How can i generate an event at a specific time? For example, say I want to generate an alert at 8:00 AM that informs me its 8:00 AM (or an event that informs me of the current time at any given time).


Use the System.Threading.Timer class:

var dt = ... // next 8:00 AM from now
var timer = new Timer(callback, null, dt - DateTime.Now, TimeSpan.FromHours(24));

The callback delegate will be called the next time it's 8:00 AM and every 24 hours thereafter.

See this SO question how to calculate the next 8:00 AM occurrence.

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    I know following the link mentions it, but might want to clarify that that is System.Threading.Timer and not System.Windows.Forms.Timer – McAden Aug 18 '09 at 23:33
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    Would it work if I provide the last 8.00 from now? So a negative number is given? – Jaanus Mar 20 '13 at 20:31
  • @Jaanus No I just tried it and it throws an exception. If dt < DateTime.Now then do dt.AddDays(1). – Brian Tacker May 23 '13 at 16:21
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    This seems to be unreliable in practice. I have implemented some code using this timer class from the Threading namespace. Its designed to roll over a log file at a specific time. In our case, midnight. We noticed that in production, sometimes the rollover happens slightly before, or slightly after midnight. I guess it's good enough for most implementations, but it does seem that the time of execution can vary slightly from invocation to invocation. – Mark W Feb 5 '16 at 15:07

Elaborating on dtb's answer this is how I implemented it.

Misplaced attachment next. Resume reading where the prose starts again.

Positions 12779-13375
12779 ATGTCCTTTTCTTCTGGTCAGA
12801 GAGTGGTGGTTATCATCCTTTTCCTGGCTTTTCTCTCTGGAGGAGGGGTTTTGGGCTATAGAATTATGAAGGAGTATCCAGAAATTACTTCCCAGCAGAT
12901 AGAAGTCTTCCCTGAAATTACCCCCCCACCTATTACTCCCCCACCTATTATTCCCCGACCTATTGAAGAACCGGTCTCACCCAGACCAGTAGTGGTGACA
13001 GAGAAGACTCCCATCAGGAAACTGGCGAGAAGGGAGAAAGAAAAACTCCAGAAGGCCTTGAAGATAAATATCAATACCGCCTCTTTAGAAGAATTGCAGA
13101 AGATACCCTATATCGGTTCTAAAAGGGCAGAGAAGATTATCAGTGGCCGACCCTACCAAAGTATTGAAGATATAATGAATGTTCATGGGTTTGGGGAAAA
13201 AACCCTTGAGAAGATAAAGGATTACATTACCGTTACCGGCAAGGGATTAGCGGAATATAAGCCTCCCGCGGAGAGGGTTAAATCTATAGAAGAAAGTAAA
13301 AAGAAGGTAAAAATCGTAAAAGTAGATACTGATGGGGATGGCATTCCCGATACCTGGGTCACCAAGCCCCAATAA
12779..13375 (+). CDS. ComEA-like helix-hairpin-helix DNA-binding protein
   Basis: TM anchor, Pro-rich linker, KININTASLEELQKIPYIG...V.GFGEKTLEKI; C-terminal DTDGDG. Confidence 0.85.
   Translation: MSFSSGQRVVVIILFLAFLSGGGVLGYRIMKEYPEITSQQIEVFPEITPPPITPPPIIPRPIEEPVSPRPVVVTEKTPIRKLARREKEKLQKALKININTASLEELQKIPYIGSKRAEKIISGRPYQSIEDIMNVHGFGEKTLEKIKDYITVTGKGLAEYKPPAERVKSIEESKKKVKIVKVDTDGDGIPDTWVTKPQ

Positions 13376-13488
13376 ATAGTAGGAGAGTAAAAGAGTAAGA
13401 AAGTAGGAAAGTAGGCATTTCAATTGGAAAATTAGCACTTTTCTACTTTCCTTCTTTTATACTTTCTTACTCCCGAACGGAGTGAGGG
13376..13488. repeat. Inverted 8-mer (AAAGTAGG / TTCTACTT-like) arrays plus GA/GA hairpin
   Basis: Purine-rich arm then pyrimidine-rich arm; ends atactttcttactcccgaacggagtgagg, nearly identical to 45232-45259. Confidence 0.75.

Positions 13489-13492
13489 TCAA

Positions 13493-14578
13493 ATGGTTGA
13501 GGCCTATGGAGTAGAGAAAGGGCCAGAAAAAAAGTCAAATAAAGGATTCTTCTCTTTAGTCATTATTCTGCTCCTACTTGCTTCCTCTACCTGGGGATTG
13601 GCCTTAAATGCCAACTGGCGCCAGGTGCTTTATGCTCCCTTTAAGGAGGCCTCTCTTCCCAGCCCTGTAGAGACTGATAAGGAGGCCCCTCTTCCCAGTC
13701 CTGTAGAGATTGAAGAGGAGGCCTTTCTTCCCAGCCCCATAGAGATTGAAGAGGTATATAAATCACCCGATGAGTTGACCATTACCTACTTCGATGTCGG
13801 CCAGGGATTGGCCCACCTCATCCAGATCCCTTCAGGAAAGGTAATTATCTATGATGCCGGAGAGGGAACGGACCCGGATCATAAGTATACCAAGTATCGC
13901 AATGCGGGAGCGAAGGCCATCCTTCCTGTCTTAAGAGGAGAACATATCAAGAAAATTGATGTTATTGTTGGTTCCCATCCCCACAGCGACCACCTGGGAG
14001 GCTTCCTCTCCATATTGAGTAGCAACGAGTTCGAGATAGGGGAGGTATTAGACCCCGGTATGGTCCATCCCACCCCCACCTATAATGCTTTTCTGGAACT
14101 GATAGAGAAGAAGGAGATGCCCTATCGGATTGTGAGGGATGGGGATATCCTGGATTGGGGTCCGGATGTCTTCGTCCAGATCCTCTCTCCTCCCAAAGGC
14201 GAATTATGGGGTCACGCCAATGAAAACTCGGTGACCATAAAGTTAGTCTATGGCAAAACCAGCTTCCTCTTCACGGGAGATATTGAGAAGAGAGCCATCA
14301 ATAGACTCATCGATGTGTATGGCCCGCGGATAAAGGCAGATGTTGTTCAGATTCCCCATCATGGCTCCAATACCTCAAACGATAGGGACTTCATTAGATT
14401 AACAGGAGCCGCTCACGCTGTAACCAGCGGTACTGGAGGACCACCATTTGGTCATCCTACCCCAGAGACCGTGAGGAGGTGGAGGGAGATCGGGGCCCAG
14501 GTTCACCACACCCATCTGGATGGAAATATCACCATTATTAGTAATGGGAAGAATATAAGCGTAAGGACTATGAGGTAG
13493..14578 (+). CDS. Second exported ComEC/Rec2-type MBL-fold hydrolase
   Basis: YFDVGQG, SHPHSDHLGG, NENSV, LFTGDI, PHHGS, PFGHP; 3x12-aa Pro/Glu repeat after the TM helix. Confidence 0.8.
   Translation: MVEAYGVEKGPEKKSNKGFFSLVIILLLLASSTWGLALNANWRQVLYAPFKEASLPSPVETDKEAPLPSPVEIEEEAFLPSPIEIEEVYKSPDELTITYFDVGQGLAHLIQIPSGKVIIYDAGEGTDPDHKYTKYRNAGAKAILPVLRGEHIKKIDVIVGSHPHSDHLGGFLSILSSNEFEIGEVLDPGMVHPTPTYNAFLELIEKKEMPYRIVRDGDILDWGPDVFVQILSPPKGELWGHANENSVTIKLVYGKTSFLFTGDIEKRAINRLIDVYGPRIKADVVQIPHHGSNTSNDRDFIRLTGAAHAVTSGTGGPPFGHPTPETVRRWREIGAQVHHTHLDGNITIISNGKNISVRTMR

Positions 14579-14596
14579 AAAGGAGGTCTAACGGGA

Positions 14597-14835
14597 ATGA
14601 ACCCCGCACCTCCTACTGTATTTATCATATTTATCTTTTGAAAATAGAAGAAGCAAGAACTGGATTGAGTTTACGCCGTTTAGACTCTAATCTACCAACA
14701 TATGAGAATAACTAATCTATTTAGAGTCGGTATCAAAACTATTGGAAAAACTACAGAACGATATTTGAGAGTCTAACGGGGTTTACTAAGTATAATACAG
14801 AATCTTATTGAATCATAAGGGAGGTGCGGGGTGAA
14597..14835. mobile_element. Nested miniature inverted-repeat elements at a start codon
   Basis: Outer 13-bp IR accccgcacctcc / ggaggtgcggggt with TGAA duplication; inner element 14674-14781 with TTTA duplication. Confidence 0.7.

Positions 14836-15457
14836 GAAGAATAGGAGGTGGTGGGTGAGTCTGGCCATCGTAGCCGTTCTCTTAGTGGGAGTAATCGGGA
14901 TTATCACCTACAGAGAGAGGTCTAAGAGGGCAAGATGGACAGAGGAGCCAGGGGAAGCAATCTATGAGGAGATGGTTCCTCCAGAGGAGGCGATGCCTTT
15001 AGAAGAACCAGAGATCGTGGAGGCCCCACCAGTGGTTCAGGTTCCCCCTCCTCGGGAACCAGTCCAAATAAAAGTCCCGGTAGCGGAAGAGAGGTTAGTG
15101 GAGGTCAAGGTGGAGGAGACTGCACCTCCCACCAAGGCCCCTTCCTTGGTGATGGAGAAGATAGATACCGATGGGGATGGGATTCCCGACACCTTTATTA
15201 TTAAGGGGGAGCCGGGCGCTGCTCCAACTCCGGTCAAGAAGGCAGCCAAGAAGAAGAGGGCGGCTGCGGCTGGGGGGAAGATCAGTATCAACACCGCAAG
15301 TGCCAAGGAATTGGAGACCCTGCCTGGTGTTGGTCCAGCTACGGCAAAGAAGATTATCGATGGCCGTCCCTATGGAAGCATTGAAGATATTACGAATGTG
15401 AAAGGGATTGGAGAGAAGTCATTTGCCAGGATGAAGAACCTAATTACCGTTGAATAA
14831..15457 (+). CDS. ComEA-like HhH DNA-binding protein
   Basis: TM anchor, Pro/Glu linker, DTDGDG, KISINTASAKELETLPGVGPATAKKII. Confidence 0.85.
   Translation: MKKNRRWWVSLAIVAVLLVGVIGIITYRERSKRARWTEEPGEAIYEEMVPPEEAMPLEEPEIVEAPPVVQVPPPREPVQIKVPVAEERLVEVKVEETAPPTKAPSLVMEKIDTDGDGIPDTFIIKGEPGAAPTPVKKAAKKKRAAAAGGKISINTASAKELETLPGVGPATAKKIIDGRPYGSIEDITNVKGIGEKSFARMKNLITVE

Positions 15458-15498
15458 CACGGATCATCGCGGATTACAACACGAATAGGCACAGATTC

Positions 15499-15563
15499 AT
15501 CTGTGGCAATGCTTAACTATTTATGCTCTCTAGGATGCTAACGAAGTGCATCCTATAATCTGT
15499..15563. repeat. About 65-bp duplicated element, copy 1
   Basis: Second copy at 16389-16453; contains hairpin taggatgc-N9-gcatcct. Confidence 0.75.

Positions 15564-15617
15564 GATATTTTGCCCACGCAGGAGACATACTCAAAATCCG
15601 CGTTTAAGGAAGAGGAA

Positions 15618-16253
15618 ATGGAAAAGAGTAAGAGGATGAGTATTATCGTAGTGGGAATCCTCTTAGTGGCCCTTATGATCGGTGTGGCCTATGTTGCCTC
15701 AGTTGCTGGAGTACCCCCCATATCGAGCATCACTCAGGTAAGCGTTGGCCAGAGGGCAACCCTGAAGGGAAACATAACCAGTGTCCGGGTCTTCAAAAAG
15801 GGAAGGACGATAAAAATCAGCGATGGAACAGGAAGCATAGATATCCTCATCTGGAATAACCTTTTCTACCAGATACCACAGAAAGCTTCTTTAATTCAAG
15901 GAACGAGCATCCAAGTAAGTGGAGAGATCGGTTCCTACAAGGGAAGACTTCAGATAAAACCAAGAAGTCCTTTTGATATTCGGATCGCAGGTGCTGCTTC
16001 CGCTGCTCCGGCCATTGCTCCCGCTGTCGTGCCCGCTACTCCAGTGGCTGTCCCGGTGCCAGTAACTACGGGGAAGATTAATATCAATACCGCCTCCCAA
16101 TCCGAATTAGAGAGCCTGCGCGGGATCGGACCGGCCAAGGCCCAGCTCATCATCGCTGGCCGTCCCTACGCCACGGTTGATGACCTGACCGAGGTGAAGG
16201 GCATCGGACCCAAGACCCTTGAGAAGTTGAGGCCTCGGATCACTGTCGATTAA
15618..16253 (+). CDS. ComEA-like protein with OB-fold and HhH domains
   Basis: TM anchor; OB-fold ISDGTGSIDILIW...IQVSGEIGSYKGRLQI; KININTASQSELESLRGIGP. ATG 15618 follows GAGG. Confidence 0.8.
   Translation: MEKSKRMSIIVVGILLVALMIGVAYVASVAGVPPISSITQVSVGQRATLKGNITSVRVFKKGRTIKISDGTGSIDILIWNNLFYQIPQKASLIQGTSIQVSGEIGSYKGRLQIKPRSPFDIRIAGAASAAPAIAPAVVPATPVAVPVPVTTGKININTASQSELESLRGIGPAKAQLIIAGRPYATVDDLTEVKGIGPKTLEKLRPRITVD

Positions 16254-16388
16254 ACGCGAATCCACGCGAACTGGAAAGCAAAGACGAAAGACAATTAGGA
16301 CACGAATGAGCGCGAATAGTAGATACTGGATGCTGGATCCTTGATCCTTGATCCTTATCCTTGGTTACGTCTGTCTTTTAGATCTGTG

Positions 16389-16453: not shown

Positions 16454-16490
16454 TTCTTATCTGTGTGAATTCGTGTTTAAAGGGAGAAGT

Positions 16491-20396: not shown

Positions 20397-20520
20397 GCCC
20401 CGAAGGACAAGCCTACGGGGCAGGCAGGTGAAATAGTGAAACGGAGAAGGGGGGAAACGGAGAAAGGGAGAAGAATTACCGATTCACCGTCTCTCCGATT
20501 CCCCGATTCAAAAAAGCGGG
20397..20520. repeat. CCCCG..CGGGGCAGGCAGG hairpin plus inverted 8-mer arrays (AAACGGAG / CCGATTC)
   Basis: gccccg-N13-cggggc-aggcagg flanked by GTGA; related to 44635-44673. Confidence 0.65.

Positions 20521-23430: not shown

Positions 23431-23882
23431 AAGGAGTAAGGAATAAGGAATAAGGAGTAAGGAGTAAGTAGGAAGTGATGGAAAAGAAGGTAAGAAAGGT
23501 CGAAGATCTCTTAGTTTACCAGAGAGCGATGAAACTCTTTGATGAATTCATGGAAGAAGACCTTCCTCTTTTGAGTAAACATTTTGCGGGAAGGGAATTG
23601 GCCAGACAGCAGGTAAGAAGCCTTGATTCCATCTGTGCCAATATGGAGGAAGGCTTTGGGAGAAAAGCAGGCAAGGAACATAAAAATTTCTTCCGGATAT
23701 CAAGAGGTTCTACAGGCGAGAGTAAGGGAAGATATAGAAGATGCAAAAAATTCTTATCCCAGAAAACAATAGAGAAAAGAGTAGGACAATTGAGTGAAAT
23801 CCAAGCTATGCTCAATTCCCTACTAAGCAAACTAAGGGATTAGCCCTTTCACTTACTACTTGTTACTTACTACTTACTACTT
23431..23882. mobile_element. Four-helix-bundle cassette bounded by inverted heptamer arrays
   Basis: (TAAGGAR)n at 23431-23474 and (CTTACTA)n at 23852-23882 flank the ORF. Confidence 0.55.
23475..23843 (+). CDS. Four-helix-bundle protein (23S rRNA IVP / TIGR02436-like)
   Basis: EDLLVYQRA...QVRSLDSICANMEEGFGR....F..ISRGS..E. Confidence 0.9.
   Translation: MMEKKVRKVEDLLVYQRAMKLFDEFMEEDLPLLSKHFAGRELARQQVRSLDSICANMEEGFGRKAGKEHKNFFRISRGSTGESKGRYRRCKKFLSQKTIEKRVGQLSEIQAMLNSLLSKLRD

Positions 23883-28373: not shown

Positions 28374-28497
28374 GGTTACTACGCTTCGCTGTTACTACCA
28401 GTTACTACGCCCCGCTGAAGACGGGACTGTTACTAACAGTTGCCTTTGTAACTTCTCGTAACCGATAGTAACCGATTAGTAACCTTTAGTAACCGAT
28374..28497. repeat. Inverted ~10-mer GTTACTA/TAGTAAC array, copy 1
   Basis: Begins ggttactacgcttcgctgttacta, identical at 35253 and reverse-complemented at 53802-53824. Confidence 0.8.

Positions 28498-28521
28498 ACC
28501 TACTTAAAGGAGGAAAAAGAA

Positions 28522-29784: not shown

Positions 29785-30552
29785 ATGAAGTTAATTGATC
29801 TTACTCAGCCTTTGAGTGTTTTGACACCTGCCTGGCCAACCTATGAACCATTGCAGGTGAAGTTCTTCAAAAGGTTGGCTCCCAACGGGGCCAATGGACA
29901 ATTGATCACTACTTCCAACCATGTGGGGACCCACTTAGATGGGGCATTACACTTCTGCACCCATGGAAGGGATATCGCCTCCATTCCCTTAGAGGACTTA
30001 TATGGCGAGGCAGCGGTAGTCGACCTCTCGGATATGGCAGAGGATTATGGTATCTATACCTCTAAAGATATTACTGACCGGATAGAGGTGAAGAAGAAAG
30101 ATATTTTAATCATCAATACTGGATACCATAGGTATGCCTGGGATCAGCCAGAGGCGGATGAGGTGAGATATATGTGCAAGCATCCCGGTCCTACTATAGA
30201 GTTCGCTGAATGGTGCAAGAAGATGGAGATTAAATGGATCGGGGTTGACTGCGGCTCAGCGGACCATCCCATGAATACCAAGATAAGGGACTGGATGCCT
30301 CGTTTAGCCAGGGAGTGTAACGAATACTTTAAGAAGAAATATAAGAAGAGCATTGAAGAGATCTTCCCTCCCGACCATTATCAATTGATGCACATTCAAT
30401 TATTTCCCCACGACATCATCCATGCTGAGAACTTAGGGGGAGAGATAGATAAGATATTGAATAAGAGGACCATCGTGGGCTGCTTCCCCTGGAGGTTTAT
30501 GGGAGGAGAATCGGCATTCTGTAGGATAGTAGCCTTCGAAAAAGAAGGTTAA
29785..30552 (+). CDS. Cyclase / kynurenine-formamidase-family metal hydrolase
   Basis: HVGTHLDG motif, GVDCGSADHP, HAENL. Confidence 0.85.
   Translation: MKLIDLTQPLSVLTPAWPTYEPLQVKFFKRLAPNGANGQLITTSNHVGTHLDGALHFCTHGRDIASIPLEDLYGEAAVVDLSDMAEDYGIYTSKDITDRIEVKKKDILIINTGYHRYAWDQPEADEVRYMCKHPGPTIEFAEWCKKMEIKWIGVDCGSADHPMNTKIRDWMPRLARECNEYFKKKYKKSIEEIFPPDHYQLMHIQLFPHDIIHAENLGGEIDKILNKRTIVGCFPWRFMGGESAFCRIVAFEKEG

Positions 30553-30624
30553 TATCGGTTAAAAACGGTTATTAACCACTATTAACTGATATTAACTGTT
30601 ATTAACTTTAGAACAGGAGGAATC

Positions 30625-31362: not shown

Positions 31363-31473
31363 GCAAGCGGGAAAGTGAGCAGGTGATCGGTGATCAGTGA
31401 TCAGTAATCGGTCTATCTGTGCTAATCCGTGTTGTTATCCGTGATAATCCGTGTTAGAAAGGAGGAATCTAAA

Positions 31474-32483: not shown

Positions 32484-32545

private void Form1_Load(object sender, EventArgs e)
        System.Threading.TimerCallback callback = new TimerCallback(ProcessTimerEvent);

        //first occurrence at
        var dt = new DateTime(DateTime.Now.Year, DateTime.Now.Month, DateTime.Now.Day, 10, 0, 0);

        if (DateTime.Now < dt)
            var timer = new System.Threading.Timer(callback, null, 
                                               //other occurrences every 24 hours
                            dt - DateTime.Now, TimeSpan.FromHours(24));


    private void ProcessTimerEvent(object obj)
        MessageBox.Show("Hi Its Time");

Does the alert have to be generated by your program? An alternate approach is to use a Scheduled Task (in Windows) to generate the alert. You might need to write a small program that gathers any information from your main application's data files etc.

There are a couple of main benefits to using this approach:

  1. You don't have to write any code to support the feature. You make use of something built into the operating system. The example is for Windows, but other OSes have the same feature. You can concentrate your development and support effort on your own code.
  2. Your main application doesn't have to be running for the task to fire.
private void Run_Timer()
        DateTime tday = new DateTime();
        tday = DateTime.Today;
        TimeSpan Start_Time = new TimeSpan(8,15,0);
        DateTime Starter = tday + Start_Time;
        Start_Time = new TimeSpan(20, 15, 0);
        DateTime Ender = tday + Start_Time;
        for (int i = 0; i <= 23; i++)
            Start_Time = new TimeSpan(i, 15, 0);
            tday += Start_Time;
            if (((tday - DateTime.Now).TotalMilliseconds > 0) && (tday >= Starter) && (tday <= Ender))
                Time_To_Look = tday;
                timer1.Interval = Convert.ToInt32((tday - DateTime.Now).TotalMilliseconds);

We can use this function for getting timer running for times or change it to run on a specific time :D

  • It's obvious that @dtb solution is better. – albertein Dec 10 '09 at 23:17
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    But its also obvious that you didn't get the idea that a person who asks the question better understand his question .I agree he gave me a format for doing that on one specific time of day but i had to make it run on some conditions not statically on a certain time of day once most of the work done in my code is for running that loop and set the time for next timer stop .If you can see that not the number of lines in that – Mobin Mar 20 '10 at 21:25

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